Body culture studies
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Body culture studies describe and compare bodily practice in the larger context of culture and society, i.e. in the tradition of anthropology, history and sociology. As body culture studies analyse culture and society in terms of human bodily practices, they are sometimes viewed as a form of materialist phenomenology. The significance of the body and of body culture (in German Körperkultur, in Danish kropskultur) was discovered since the early twentieth century by several historians and sociologists. During the 1980s, a particular school of Body Culture Studies spread, in connection with – and critically related to – sports studies. Body Culture Studies were especially established at Danish universities and academies and cooperated with Nordic, European and East Asian research networks.
Body culture studies include studies of dance, play (play (activity)) and game, outdoor activities, festivities and other forms of movement culture. The field of body culture studies is floating towards studies of medical cultures, of working habits, of gender and sexual cultures, of fashion and body decoration, of popular festivity and more generally towards popular culture studies.
Body Culture Studies have shown useful by making the study of sport enter into broader historical and sociological discussion – from the level of subjectivity to civil society, state and market.
- 1 Earlier studies in body and culture
- 2 The word and concept of “body culture” – alternative practice
- 3 Body culture studies – a new critical school
- 4 Questioning the “individual” body
- 5 Social time
- 6 Social space
- 7 Civilisation, discipline, modernity
- 8 Industrial body and production
- 9 Trialectics of body culture
- 10 Body cultures in plural
- 11 Configurational analysis
- 12 Literature
Earlier studies in body and culture
Since early 20th century, sociologists and philosophers had discovered the significance of the body, especially Norbert Elias, the Frankfurt School, and some phenomenologists. Later, Michel Foucault, Pierre Bourdieu and the Stuttgart Historical Behaviour Studies delivered important inspirations for the new body culture studies.
The sociologist Norbert Elias (1939) wrote the first sociology, which placed the body and bodily practice in its centre, describing the change of table manners, shame and violence from the Middle Ages to Early Modern court society as a process of civilisation. Later, Elias (1989) studied the culture of duel in Wilhelminian Prussia, throwing light on particular traits of the German sonderweg. Elias’ figurational sociology of the body became productive especially in the field of sport studies (Elias/ Dunning 1986; Eric Dunning et al. 2004). His concept of the "process of civilisation" received, however, also critique from the side of comparative anthropology of bodily practices (Duerr 1988/2005).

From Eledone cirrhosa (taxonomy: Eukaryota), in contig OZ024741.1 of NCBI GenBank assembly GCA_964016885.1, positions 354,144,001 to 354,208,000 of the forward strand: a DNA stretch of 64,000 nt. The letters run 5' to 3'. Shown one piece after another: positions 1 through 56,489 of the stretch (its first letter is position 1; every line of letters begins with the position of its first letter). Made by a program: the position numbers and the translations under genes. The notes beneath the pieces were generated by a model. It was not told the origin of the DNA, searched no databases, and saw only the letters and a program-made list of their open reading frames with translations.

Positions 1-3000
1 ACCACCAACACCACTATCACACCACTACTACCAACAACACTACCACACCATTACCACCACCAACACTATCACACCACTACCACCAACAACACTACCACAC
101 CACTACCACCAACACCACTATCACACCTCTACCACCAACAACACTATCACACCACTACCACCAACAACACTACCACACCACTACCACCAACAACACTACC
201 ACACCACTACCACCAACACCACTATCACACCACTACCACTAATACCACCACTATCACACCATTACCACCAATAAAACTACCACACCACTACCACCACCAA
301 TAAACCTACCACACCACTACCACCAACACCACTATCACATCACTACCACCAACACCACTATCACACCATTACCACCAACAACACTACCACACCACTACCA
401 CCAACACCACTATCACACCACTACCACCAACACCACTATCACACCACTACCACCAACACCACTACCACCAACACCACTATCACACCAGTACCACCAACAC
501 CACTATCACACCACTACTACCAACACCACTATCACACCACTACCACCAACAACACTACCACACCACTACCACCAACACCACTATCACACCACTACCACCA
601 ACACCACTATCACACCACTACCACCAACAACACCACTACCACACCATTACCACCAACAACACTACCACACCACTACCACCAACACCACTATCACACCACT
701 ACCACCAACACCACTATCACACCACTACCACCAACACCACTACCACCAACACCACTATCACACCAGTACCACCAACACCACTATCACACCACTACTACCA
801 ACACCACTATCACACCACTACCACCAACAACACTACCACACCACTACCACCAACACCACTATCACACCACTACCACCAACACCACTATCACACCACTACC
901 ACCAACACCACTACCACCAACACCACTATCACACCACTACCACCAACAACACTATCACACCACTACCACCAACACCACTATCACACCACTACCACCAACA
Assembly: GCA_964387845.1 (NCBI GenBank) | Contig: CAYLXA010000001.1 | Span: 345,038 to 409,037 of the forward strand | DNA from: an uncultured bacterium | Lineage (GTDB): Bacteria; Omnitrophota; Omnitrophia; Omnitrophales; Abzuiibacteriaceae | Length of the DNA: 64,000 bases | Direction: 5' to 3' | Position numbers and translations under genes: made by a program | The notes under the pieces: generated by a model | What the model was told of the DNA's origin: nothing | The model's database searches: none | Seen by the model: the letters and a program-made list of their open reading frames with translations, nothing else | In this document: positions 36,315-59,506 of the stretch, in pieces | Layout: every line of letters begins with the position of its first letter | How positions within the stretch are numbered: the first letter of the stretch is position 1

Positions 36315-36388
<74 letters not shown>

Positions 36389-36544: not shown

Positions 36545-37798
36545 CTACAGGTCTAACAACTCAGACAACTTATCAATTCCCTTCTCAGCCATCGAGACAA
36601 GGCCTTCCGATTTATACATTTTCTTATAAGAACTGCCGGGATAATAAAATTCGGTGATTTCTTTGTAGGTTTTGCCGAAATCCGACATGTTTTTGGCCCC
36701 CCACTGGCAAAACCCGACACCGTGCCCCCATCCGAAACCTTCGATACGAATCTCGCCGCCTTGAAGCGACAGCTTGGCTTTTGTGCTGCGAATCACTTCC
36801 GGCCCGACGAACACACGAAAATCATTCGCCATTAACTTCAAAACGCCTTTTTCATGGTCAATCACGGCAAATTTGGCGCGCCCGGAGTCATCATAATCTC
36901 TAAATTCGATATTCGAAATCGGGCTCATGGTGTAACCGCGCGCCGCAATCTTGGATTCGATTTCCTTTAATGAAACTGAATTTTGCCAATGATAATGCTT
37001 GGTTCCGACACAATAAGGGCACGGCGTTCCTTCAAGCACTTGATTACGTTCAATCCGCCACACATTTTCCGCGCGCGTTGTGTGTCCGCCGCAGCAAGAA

The Frankfurt School of Critical Theory turned towards the body with Marxist and Freudian perspectives. Max Horkheimer and Theodor W. Adorno (1947) described the Western “dialectics of enlightenment” as including an underground history of the body. Body history lead from the living body to the dead body becoming a commodity under capitalism. A younger generation of the Frankfurt School launched the Neo-Marxist sports critique (Rigauer 1969) and developed alternative approaches to movement studies and movement culture (Lippe 1974; Moegling 1988). Historical studies about the body in industrial work (Rabinbach 1992), in transportation (Schivelbusch 1977), and in Fascist aesthetics (Theweleit 1977) as well as in the philosophy of space (Peter Sloterdijk 1998/ 2004) had their roots in this critical approach.
Philosophical phenomenology (→Phenomenology (philosophy)) paid attention to the body, too. Helmuth Plessner (1941) studied laughter and weeping as fundamental human expressions. Maurice Merleau-Ponty (1945) placed the body in the centre of human existence, as a way of experiencing the world, challenging the traditional body-mind dualism of René Descartes. Gaston Bachelard (1938) approached bodily existence via a phenomenology of the elements and of space, starting by “psychoanalysis of fire”.